Board Certified Family Law Specialist Matt Arnold answers the question: “What can I do to gain custody of my child in North Carolina?”
The New York Court of Appeals (the state’s highest court) will grapple with a tricky legal question that has become increasingly important in the family law world: what is a parent? The answer to the question will impact hundreds if not thousands of custody disputes involving same-sex parents who for years have waged battle without the kind of legal clarity that exists in cases involving opposite sex partners.
The Court will hear a case brought by a lesbian who is seeking visitation rights over a young boy she was involved in raising. The Court of Appeals agreed to hear the case because the case involves an important challenge to an existing law in New York which says that parental rights are limited to those with either a biological or adoptive tie to a child, something that did not exist in this, and potentially many other cases involving same-sex parents.
The case is an important one not only for the woman seeking time with a boy she views as her child, but also to other gay rights groups who believe that the case, and several others just like it, will prove important in redefining what it is to be a family, which increasingly includes those without biological or formal adoptive rights. These groups believe that parenthood should be broadened to include those individuals who play a key role raising a child and support the birth parent, something that reflects the reality of the familial situation rather than a strictly legalistic definition.
Critics of redefining parenthood fear that this could open up custody cases to claims from virtually anyone, increasing the complexity of already difficult custody disputes. Without limiting parental rights challenges to those with biological or adoptive rights, critics argue that anyone who was tangentially involved in a child’s upbringing could sue for rights. The nightmare scenario is that even friends of the family or nannies could assert claims, something that would not be in the best interests of children.
Though hard numbers are difficult to find, one study from UCLA indicates that as many as 15% of unmarried same-sex couples are raising children, meaning that many families could benefit from a broadening of the definition of parenthood. Advocates for change fear that the strict interpretation of parenthood taken by states like New York, Florida and Utah make it impossible for same-sex couples who choose to have children while unmarried to demand equal time with their children. These groups point out that marriage, for many couples, only became an option last year, meaning same-sex couples raising children while unmarried was the norm for years, rather than the rule. Additionally, adopting a child can be very expensive and many couples fail to understand that it is even necessary, often until it’s too late.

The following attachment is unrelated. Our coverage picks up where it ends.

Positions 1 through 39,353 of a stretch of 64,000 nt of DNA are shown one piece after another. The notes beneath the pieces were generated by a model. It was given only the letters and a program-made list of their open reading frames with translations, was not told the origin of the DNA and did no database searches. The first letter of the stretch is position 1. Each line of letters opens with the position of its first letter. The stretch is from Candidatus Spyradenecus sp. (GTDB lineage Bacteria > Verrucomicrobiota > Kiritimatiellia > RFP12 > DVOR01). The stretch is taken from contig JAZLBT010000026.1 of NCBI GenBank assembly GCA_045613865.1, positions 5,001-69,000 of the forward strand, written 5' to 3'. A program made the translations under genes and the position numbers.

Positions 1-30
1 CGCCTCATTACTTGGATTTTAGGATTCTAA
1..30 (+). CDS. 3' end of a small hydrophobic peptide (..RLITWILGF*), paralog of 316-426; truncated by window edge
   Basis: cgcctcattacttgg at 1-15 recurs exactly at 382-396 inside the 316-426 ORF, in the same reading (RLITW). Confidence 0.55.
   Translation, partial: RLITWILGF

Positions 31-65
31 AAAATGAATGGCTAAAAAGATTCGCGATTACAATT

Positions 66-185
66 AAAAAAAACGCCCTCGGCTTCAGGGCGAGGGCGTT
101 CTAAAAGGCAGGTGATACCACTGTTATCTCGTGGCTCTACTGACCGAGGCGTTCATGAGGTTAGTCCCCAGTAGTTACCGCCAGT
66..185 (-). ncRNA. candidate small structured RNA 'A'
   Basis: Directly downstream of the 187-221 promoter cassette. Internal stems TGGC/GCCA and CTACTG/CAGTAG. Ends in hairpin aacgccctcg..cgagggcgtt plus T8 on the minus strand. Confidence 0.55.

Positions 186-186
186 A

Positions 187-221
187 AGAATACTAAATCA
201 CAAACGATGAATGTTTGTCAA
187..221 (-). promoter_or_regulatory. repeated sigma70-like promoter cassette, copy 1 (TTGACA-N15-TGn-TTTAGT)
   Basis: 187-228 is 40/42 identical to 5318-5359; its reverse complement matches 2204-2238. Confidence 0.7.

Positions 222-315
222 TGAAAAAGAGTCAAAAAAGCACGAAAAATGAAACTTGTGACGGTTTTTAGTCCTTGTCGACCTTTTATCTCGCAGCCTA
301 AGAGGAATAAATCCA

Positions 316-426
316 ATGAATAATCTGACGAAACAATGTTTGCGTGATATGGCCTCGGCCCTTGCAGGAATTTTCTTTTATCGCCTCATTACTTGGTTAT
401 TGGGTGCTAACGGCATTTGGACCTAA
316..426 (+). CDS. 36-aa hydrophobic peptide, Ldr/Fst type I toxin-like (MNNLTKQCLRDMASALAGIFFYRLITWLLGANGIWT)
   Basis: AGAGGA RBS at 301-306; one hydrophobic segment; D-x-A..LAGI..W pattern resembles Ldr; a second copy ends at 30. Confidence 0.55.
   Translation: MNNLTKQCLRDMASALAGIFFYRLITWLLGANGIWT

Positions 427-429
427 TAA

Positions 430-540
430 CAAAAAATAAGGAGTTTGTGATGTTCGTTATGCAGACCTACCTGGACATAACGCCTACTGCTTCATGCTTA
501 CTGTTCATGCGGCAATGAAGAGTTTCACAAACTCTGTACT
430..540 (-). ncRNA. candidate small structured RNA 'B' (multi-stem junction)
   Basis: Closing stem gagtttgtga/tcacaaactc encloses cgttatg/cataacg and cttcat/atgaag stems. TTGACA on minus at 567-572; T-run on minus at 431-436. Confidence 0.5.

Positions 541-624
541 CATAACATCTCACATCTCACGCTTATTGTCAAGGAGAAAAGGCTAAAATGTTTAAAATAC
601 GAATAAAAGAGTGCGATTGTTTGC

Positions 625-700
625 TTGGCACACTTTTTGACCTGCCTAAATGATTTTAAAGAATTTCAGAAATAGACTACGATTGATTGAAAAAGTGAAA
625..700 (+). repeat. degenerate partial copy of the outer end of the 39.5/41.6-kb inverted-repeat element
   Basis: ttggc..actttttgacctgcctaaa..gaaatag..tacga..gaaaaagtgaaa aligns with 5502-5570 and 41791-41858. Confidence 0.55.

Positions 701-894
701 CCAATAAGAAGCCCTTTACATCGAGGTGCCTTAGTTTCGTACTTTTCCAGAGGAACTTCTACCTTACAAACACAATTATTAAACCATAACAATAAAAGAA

With decisions expected in Massachusetts, Maryland and soon New York, experts believe changes are likely. For those couples with children, but who lack legal ties, the change can’t come soon enough.
If you find yourself facing a complicated family law matter, then you need the help of experienced family-law attorneys in Charlotte, North Carolina who can help guide you through the often confusing process of divorce. Please contact Arnold & Smith, PLLC today at (704) 370-2828 or find additional resources here.
About the Author
Matthew Arnold is a Managing Member of Arnold & Smith, PLLC, where he focuses on the areas of family law, divorce, child custody, child support, alimony and equitable distribution.
Mr. Arnold was raised in Charlotte, where he graduated from Providence Senior High School. He attended Belmont Abbey College, where he graduated cum laude, before attending law school at the University of North Carolina at Chapel Hill on a full academic scholarship.
A certified Family-Law Specialist, Mr. Arnold is admitted to practice in all state and administrative courts in North Carolina, before the United States District Court for the Western District of North Carolina, and before the Fourth Circuit Court of Appeals in Richmond, Virginia.
In his free time, Mr. Arnold enjoys golfing and spending time with his wife and three children.
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